Bitetto, who was nursing a lower-body injury for some time, played in his first game since Feb. 24. Additionally, the 30-year-old and his wife, Casie, welcomed their first baby girl a little over a week ago.
“Well I just think Libor’s game has dropped just a little bit and Libor puts a lot of pressure on himself and sometimes the best thing to do is maybe take a step back,” Quinn said. “I like what I’ve seen out of Bitetto, even though we don’t practice a lot. We think he gives a little bit of a calming influence back there and makes good decisions with the puck.”
With the victory, the Rangers extended their winning-streak to a season-high four games.
The Biden administration will launch a media blitz next week to promote the coronavirus vaccine — that will include having 80-year-old Dr. Anthony Fauci target young people with clips on Snapchat, according to a report on Sunday.
As part of the campaign, the administration has also enlisted Facebook and Twitter to send push notifications to users informing them about their eligibility for the shots, Axios reported.
The push is set to start Monday in support of President Biden’s April 19 deadline for all states to make the COVID-19 vaccine available to US residents 16 and older, the report said.
Biden will reportedly film a PSA to be sent out on digital platforms and Vice President Kamala Harris will take part in social media publicity and do an interview with a North Carolina newspaper.
The social campaign will target groups who may experience higher rates of hesitancy about getting the shot, including Latino and black communities and conservatives, according to Axios.
In addition to helping with outreach to kids on Snapchat — the messaging app popular with young people — Fauci is also expected to do local TV and radio interviews, the report said.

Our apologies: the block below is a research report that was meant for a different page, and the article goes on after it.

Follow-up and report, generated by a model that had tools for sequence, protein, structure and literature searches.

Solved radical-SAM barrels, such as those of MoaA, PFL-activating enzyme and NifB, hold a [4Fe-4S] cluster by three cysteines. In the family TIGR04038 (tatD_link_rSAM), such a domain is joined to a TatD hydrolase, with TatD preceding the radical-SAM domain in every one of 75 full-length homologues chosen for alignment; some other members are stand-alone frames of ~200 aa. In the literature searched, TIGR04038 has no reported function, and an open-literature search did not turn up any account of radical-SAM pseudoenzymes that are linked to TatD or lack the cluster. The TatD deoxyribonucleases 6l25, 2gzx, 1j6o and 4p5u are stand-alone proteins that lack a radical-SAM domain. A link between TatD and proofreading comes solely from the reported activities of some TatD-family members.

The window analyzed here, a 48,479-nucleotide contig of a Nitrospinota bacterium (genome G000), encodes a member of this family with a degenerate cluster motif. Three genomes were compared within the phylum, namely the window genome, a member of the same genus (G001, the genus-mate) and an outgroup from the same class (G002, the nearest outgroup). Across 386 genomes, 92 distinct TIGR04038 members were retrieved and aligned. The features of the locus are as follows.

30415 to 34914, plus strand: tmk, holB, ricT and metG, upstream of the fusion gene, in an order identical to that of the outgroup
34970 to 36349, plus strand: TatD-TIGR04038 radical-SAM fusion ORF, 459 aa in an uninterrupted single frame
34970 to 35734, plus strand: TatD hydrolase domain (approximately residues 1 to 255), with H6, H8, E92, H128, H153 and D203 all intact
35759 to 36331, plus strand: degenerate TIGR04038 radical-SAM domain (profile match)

Other members of the administration, such as Health and Human Services Secretary Xavier Becerra and Surgeon General Vivek Murthy, will also be available for interviews.
Outlets will include Telemundo, All Ag News and a morning show hosted by comedian Rickey Smiley, according to the report.
The White House will reportedly also put up doctors for national televised interviews.
Additionally, the administration will be sending a social media toolkit by email to 6,000 community partners, including churches and doctors, so they can help spread the word.
Biden originally said he wanted all states to make all adults eligible for the jab by May 1, but later revised the date to April 19, which falls on Monday.
Half of US adults have already received at least one dose of a COVID-19 vaccine, the Centers for Disease Control and Prevention said Sunday.
When Nashville breakout Mickey Guyton gave a powerful performance of “Black Like Me” at the Grammys last month, it was a statement moment for her and all of the other African-American artists who are stomping across country music’s color lines.
No doubt — black artists such as Guyton, Kane Brown, Jimmie Allen and Nashville veteran Darius Rucker are leading a diversity movement in the traditionally white country-music industry. Look no further than the genre’s two biggest awards shows: After Rucker became only the second black artist to ever co-host the CMAs in November, Guyton will be the first African-American woman to co-host the Academy of Country Music Awards — with Keith Urban — on Sunday.
On top of that, the ACMs will feature a record five black acts performing. Guyton, Brown and Allen will all take the stage, as well as Americana duo the War and Treaty, while gospel star CeCe Winans will join Carrie Underwood for a special duet.
Not to mention, Allen has already been announced as the new male artist of the year — a historic victory for the “Best Shot” singer as the first black recipient of an ACM new artist award.
“It’s about time,” Allen, 34, told The Post. “What I’m hoping it does is open some doors for more black artists to have success in country and more black artists to feel comfortable enough to do country if that’s what they want to do.”
After Allen made his ACMs history, Guyton will make hers on Sunday. “We’re incredibly proud to have her as the co-host,” said Damon Whiteside, CEO of the Academy of Country Music. “She’s got the wonderful personality and is so talented. And she’s a member of our Diversity and Inclusion Task Force, so we work a lot with her.”